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Posts Tagged ‘Dominion Theatre’

Well it won’t win any awards for subtlety! It was apparently always meant to be a musical, well spectacle come rock concert really, originally called Neverland, a modern day Peter Pan featuring ‘The Lost’ and a character called Tink, but for 40 years it was just an album by Meat Loaf which sold 43 million copies (3 of them in the UK, in the charts for 1.5 years) leading to two sequels.

The evil Falco Corporation is pitted against The Lost, but it’s CEO’s daughter is in love with Strat, their leader. As far as story goes, that’s about it, I’m afraid, even flimsier than the Dominion’s previous long-term occupant We Will Rock You. I was surprised to find power ballads predominated over rock songs, most of which were executed well, backed by a fine band. Jon Bausor’s extraordinary design, with projections by Finn Ross, fills the stage and indeed the vast Dominion auditorium to great effect; this is probably the best thing about it. It’s very well staged by Jay Scheib, but the choreography is vanilla pop video.

There’s a lot of talent on stage, but the performing style is uniformly over-the-top, albeit somewhat tongue-in-cheek, everything exaggerated and, well, BIG. I enjoyed the spectacle and admired the execution, but I felt starved of story and I over-dosed on power ballads and pop video dancing. If you’re one of the 5% of the UK population that appears to own the album and you like your shows like rock concerts, it may be for you. I’m glad I waited for the cheap deal.

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How many producers and associate producers does it take to get a screen to stage adaptation onto a West End stage? Fifty-one! That’s about the same number as the total of performers and musicians combined. Do they each have their own producer?

Though it is new to the stage this, like the 1951 film on which it is based, recycles Gershwin songs like I Got Rhythm, The Man I Love and But Not For Me from stage musicals Girl Crazy and Lady Be Good 20-30 years before the film, songs from other Gershwin film musicals like Funny Face, plus piano concertos & preludes, rhapsodies and symphonic poems! Gershwin may have been the first real crossover composer and this may well be the ultimate mash-up!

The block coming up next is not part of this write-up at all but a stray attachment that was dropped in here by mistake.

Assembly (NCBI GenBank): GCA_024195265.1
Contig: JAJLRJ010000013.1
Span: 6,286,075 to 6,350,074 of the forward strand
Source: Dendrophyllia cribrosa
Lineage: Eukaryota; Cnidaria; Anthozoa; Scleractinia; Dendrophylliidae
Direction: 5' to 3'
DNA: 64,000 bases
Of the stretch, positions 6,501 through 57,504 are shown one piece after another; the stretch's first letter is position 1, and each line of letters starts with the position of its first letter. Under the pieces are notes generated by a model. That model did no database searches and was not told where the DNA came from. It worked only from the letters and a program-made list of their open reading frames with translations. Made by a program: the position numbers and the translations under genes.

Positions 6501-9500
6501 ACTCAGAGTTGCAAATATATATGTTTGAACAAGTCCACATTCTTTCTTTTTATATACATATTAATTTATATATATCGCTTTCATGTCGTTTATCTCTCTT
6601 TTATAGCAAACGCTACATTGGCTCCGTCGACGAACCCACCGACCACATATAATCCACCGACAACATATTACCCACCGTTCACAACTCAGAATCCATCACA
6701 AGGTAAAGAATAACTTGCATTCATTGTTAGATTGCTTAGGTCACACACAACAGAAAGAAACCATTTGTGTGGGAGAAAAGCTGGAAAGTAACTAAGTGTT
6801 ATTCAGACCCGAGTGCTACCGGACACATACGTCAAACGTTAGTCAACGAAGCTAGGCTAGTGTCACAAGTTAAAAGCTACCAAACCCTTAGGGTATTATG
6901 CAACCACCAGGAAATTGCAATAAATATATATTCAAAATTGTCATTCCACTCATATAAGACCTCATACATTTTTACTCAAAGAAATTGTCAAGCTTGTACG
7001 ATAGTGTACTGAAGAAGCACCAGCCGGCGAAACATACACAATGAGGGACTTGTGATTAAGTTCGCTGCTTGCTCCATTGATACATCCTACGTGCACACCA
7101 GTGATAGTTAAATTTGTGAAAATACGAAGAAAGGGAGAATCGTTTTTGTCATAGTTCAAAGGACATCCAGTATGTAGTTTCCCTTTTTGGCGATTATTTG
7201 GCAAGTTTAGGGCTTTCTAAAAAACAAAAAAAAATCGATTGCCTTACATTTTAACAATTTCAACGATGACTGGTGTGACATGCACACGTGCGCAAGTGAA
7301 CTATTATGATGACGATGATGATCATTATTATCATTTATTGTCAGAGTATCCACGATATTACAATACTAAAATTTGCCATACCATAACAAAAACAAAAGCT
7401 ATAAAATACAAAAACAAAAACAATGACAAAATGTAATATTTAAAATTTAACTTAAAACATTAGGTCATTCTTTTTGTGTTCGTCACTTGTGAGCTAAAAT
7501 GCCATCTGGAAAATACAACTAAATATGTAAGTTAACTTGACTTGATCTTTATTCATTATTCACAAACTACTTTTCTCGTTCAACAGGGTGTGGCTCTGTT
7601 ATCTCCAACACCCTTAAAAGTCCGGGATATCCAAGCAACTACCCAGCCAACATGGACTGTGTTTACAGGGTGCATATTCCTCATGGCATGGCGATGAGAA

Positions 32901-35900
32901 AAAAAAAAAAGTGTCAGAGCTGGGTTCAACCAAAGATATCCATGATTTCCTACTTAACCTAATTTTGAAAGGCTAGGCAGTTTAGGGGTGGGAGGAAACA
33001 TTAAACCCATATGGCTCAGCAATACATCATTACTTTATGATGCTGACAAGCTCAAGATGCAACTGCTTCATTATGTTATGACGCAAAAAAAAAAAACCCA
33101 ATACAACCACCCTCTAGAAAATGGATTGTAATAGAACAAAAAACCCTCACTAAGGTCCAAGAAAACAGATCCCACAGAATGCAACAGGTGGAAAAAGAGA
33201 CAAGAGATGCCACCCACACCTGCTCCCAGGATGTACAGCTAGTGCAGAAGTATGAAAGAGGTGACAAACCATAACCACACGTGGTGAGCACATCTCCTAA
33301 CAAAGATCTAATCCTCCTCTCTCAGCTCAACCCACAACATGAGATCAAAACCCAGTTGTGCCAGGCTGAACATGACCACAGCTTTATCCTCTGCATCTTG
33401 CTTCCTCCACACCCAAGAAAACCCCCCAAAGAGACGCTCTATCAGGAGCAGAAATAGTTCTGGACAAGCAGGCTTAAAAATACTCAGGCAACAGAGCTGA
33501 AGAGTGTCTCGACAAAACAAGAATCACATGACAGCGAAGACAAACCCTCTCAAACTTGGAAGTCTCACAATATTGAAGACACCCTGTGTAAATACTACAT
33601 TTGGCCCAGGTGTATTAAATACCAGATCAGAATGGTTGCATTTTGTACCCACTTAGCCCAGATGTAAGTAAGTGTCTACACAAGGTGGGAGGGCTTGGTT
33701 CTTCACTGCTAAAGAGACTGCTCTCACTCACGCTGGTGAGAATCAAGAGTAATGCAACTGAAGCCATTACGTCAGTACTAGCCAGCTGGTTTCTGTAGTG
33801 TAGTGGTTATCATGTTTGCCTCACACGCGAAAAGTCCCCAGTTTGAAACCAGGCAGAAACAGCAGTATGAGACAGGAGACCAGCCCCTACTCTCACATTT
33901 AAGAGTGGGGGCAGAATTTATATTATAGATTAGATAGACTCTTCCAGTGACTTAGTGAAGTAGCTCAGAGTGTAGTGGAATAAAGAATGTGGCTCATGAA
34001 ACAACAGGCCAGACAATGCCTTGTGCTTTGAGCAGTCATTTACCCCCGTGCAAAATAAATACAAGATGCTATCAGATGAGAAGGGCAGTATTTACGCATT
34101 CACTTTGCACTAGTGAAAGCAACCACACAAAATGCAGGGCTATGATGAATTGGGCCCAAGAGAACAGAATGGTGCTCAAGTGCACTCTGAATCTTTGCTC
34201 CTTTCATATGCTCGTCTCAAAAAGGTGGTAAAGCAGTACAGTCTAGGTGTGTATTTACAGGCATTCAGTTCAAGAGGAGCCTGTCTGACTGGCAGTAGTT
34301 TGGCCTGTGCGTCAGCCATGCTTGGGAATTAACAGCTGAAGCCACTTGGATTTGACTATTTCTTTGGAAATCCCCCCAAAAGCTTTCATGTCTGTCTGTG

Set at the end of the Second World War in Paris, obviously, it tells the story of two American GI’s who decide to stay, musician Adam Hochberg and artist Jerry Mulligan. Adam’s new Parisian friend Henri Baurel is a wannabe performer expected to continue the family business. His family have protected young Jewish girl Lise Dassin during the occupation and now she seems to feel she owes Henri her heart, though she’s fallen for Jerry (and Adam for her). All three end up involved in a new ballet – Lise dancing, Jerry designing and Adam writing the score, after which Lise is forced to choose and Henri get’s ‘outed’ to his parents.

It pulls all (both) of its punches in the second half with an extraordinary scene where a Paris jazz club transforms into NYC’s Radio City Music Hall and back again, and the ballet itself, though the opening transition from occupation to liberation is brilliantly staged too. I liked the rest, but it didn’t blow me away like the reviews and recommendations predicted. Despite all the exceptional components – good story and great score, Bob Crowley’s modern art inspired design with projections that make scene changes simply flow, Christopher Wheeldon’s light-as-air staging and choreography, a great orchestra under John Rigby (which sounded a lot more than fourteen) and a fine set of performances – it only occasionally swept me away. At times, I felt I was in a musical theatre museum admiring but not emotionally engaged with the show. Some of the French accents were a bit dodgy too!

For a ballet dancer, Robert Fairchild is a damn good singer as well as an exciting dancer; he stole the show for me. Fellow ballet dancer Leanne Cope was terrific too in her mostly dancing role, and David Seadon-Young was excellent as Adam. There’s a lovely cameo from Jane Asher as Henri’s stern mum, looking decades younger than her true age. I can’t fault the show, but it didn’t captivate me as I thought it would. Too big a theatre (and a stuffy one too)? An off night for me? Over-hyped? Who knows?…….but don’t let me put you off.

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